Top Historic Sites in Europe, Part 6

Welcome to Part 6 of my Top Historic Sites in Europe series! I’m glad you came back to check out some more fantastic sites. So far we’ve done the top historic sites from 50 countries in Part 1Part 2, Part 3, Part 4, and Part 5 and today you’ll get to see the last three countries along with seven bonus sites! I have really loved learning more about these countries along with the significance of some of their historic sites and I’m so excited to share this with you.

With a recorded history going back over 37,000 years, there are just way too many fascinating places to see them all. That’s why I’ve partnered with other travel bloggers to find out which sites are of the most historic and significant importance for each of these countries. I hope you’ll enjoy what we’ve put together.

Monaco – Monaco Palace

Monaco Palace is formally known as the Prince’s Palace in Monaco and was first built as a Genoese fortress in 1191. In 1297, the Grimaldi family captured the fortress through the deception of Francois Grimaldi and made it their stronghold as feudal lords. In the 17th century, the Grimaldi family became sovereign rulers.

Before becoming sovereign rulers, the Grimaldi family had to go through a series of the usual hardships of the era. During the 1330s, Charles Grimaldi the First strengthened the fortress and made it strong enough to withstand over 100 years worth of attacks from Genoa, Pisa, Venice, Naples, France, Spain, Germany, England and Provence. Between the 1340s and 1370s, the fortress frequently changed hands between the Grimaldi family and the Genoese and in the end, the Grimaldi family was able to retain ownership of the property. In the 15th century, the fortress was expanded enough to accommodate roughly 400 soldiers as well as the addition of several buildings and a large new wing that signified the beginning of the fortress becoming a palace.

While Monaco Palace has been the seat of the Grimaldi family, they have not always resided there. The Grimaldi family were absentee rulers from 1662 through the mid 1700s, choosing instead to live in France at Versailles. In 1793, the family lost the Palace for a short period during the French Revolution while they were placed in exile. In 1814, the Treaty of Paris saw Monaco returned to the Grimaldi family, where it has remained ever since, though not always as a primary residence. Various descendants of the Grimaldi family have chosen to live either at the family estate of Le Marchais outside Paris or in Germany. Prince Rainier III began extensive renovations on the palace starting in 1949 and the family once again returned to the palace that has been their seat of power for over 700 years.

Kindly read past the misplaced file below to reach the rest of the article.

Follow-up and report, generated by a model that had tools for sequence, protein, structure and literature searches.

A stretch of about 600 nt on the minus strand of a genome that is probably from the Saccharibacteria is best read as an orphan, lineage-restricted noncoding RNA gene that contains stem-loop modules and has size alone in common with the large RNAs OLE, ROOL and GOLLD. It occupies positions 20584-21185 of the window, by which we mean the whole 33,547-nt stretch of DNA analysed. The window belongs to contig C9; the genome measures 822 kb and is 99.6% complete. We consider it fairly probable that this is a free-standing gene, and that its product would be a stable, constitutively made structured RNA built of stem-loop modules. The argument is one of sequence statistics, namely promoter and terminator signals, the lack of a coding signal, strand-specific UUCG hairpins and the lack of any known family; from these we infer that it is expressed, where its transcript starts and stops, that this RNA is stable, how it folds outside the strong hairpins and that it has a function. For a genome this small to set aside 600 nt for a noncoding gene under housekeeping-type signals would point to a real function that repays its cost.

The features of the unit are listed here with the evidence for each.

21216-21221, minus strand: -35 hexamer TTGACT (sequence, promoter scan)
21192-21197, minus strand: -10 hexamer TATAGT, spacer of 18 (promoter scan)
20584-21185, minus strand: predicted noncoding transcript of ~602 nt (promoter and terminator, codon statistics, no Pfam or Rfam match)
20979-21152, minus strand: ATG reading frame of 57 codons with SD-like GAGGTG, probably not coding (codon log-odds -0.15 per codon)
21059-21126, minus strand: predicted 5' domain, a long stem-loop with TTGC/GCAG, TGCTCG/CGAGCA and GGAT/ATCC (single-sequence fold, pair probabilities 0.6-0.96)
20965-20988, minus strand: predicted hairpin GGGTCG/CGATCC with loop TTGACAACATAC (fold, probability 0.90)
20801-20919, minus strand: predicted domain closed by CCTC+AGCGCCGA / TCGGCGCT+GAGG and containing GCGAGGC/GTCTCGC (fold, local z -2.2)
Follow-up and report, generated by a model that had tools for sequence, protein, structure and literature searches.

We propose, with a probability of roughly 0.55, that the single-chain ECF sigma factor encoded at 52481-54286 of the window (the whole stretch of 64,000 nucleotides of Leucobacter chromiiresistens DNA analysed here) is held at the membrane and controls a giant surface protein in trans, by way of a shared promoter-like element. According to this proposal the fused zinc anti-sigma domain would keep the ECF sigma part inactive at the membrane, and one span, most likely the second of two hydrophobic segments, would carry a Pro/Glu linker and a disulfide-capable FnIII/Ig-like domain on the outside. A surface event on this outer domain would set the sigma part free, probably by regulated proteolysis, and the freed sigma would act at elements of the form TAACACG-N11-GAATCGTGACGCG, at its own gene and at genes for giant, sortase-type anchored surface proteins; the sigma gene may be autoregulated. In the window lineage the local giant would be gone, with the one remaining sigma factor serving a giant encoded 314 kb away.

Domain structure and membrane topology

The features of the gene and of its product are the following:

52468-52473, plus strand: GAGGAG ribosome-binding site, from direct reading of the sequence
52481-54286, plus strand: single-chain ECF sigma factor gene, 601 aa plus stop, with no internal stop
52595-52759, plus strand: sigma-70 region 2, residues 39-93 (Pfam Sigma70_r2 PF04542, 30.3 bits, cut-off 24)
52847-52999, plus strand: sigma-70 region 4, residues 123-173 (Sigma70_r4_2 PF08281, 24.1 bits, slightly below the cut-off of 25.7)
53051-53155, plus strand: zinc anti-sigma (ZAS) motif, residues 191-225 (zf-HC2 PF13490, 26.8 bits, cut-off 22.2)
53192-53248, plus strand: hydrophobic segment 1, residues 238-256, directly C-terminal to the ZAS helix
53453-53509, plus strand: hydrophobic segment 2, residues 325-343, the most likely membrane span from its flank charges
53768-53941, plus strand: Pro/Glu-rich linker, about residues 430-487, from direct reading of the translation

Erin Tracy is the owner and author of this blog, Traveling Thru History, which she uses to share her love of history, culture, and travel with her readers. You can also find stories and pictures of her travels on her Facebook page.

Wales – Cardiff Castle

Cardiff Castle was built in the late 11th century by Norman invaders on top of a 3rd-century Roman fort. The castle was originally built with wood and stone, but in the 12th century it was rebuilt completely in stone. These stones were strong enough to withstand multiple attacks by the Anglo-Normans and the Welsh. In 1423, Richard de Beauchamp, 13th Earl of Warwick, conducted extensive renovations and added the main range on the west side of the castle along with the tall octagonal tower that is seen there today. Around the 1490s, Cardiff Castle began to have less significance as a military outpost, though it wasn’t until the 1550s that the castle began being transformed into a residential property. 1642 saw the castle change hands when Parliamentary forces overran the grounds during the English Civil War, though Royalists regained the property in 1645. The castle was again fought over during the Second English Civil War in 1648 and was almost destroyed by Parliament after the war, but it was eventually decided to garrison troops on the grounds as protection against the Scottish.

In the 18th century, the Marquess of Bute. John Stuart, received the castle when he married Charlotte Jane Windsor, daughter of Thomas, Viscount Windsor.  After receiving the newly created peerage title of Marquess in the mid-1770s, John Stuart began renovating Cardiff Castle. Several stone walls were removed, a hall and the knights’ houses were demolished, and the grounds were flattened to allow for turf. The main part of the castle had sections removed, two new wings added, and various features updated. The grounds had trees and greenery removed, the moat was filled, and a summer house was built.